For the purposes of this board...
- Tom Hall Nov 13, 2001 07:02 PM
What is the San Francisco Bay Area? I see posts ranging from Mendocino to Monterey and over to e.g. Cloverdale while many closer areas such as Pleasanton and Livermore wind up on the general California board.
I'll take a stab at that ...
I've always assumed that it was the "nine Bay Area counties": Alameda, Contra Costa, Solano, Napa, Sonoma, Marin, San Francisco, San Mateo and Santa Clara.
After that, I think it gets gray. I've always thought of Santa Cruz as part of the "Bay Area" but technically it's not. Sonoma and Mendocino sort of run into each other ....
And of course we don't have any control about where people choose to post their messages -- I guess to someone who lives in Sacramento or Stockton, eastern Contra Costa, Alameda and Solono counties could be thought of as part of "the Sacramento Delta" rather than the Bay Area.
I don't think there's a definitive answer.
re: Ruth Lafler
> I've always assumed that [the Bay Area is] the "nine
> Bay Area counties": Alameda, Contra Costa, Solano,
> Napa, Sonoma, Marin, San Francisco, San Mateo and
> Santa Clara.
> I've always thought of Santa Cruz as part of the "Bay
> Area" but technically it's not.
You're quite mistaken. Santa Cruz could not be more a part of "the Bay Area", the Monterey Bay Area.
By me, there is no such thing as "The Bay Area" as there are many such such as Monterey, Chesapeake, Coos, Humboldt, San Francisco, and many others.
San Francisco is not a part of a San Francisco Bay area as San Francisco is a place, not an area.
I've travelled extensively and have yet to visit, or even find, an area.
re: Icono Clast at JPS Net
"San Francisco is not a part of a San Francisco Bay area as San Francisco is a place, not an area."
San Francisco is certainly part of the San Francisco Bay Area, which refers to San Francisco Bay and its surrounding areas, not to the city itself, just as Monterey Bay Area refers to Monterey Bay and not the city of Monterey.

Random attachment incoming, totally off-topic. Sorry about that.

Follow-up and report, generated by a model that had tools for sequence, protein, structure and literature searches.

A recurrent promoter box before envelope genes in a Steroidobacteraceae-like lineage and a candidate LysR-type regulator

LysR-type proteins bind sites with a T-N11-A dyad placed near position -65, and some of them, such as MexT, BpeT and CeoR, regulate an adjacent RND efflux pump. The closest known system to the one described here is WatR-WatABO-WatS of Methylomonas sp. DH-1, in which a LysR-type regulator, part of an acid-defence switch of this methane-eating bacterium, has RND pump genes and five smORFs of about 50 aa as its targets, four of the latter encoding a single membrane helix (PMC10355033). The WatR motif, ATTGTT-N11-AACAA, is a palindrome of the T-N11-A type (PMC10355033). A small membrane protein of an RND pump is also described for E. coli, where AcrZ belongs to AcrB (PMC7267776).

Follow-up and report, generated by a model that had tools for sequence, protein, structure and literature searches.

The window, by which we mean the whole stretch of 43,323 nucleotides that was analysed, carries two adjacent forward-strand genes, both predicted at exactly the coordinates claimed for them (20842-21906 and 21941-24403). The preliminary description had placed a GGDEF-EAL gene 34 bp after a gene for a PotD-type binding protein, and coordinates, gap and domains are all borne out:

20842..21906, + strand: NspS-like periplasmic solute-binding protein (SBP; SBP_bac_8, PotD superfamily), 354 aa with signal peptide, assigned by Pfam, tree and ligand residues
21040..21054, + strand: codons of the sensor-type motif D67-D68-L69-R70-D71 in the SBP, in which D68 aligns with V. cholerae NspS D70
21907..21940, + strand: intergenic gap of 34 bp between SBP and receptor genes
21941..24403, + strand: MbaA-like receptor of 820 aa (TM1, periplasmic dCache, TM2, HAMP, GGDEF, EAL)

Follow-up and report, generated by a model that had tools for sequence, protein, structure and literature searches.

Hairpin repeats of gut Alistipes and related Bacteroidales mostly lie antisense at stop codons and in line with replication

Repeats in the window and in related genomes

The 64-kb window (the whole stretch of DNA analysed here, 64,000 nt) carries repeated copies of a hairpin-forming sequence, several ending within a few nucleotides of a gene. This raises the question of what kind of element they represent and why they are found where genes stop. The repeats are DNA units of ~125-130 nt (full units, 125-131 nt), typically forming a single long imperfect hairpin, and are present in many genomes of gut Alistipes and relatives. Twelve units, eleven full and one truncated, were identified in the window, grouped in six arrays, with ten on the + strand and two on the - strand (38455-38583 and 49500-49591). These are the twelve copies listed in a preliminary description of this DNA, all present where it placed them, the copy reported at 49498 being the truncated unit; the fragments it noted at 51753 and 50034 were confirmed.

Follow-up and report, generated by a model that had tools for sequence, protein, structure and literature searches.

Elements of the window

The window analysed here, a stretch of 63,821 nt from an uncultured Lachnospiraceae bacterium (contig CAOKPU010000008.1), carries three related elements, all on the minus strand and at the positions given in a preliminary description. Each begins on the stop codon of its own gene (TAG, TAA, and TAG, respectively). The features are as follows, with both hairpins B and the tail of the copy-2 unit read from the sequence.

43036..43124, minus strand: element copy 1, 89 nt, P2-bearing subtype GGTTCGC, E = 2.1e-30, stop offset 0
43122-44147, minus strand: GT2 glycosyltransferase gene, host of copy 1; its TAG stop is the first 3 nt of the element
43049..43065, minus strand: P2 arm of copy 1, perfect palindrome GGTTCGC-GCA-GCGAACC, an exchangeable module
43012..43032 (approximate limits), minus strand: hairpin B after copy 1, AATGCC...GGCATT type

The nine counties Ruth referred to, and some adjoining areas, sometimes including Santa Cruz (the city, not the county, which stretches south to Watsonville), are often referred to as the greater Bay Area.
re: Ruth Lafler
I pretty much agree with Ruth on this, that the orthodox interpretation is the original Nine Counties. Another definition might be the territory containing a significant element of folks who commute into the central core on a daily basis. Is the central core San Francisco only? Probably used to be, but now it's more like the whole ring of cities around the Bay, so folks who commute from Stockton to, say, Milpitas would make the cut.
In my business, it's the area that can be efficiently serviced from a San Francisco or Oakland location: north to a line roughly Healdsburg-Calistoga-Fairfield; east to a line roughly Benicia-Discovery Bay-Tracy; south to a line roughly Morgan Hill-Santa Cruz.
Or, more acutely, from what distance would you travel for a plate of Flint's ribs or drinks at the Tonga Room?
Don't try to make TOO much sense of it! (g)
Attempts to stipulate would be futile....the geographic range of a board is defined by how people use it, and that's it. It's a self-limiting thing, like language use or any other community custom.
We might, at some time in the future, spin off narrower regional boards (e.g. East Bay, Millbrae, Napa, Marin), and that would tighten things up, but it won't happen till we get new message board software.
In the meantime, it's one of those happy Internet hodge-podges....
re: Jim Leff
I'm with Ruth and vote for a geographical definition. Otherwise, we'd need to take over Oregon, Reno, and Hawaii too. During the summer month, there are almost more tourists from California in Hawaii than natives!
Here's a map showing the 9 counties that front on San Francisco Bay.
And, yes, Cloverdale is in northern Sonoma County falling within this definition.
I would certainly put Tri-Valley type posts on this board. I think the Nine Counties approach makes sense, up to a point.
Beyond that, though, I think it's a matter of cultural affinity as well as geographical proximity. By that reckoning, I would put Santa Cruz on this board I would include Mendocino but not Modesto, even though they're about the same distance from San Francisco, because Mendocino is full of Bay Area tourists and refugees while Modesto is distinctly Central Valley. I would exclude Sacramento, which is closer than either, because it has its own sphere of influence.
re: Tom Hilton
Modesto, as well as Tracy, Stockton, Manteca and even Los Banos are full of BATs (Bay Area transplants)though no tourists. These areas are starting to lose something of their Central Valley flavor as a result but I agree that they are not yet ready to be part of the greater Bay Area.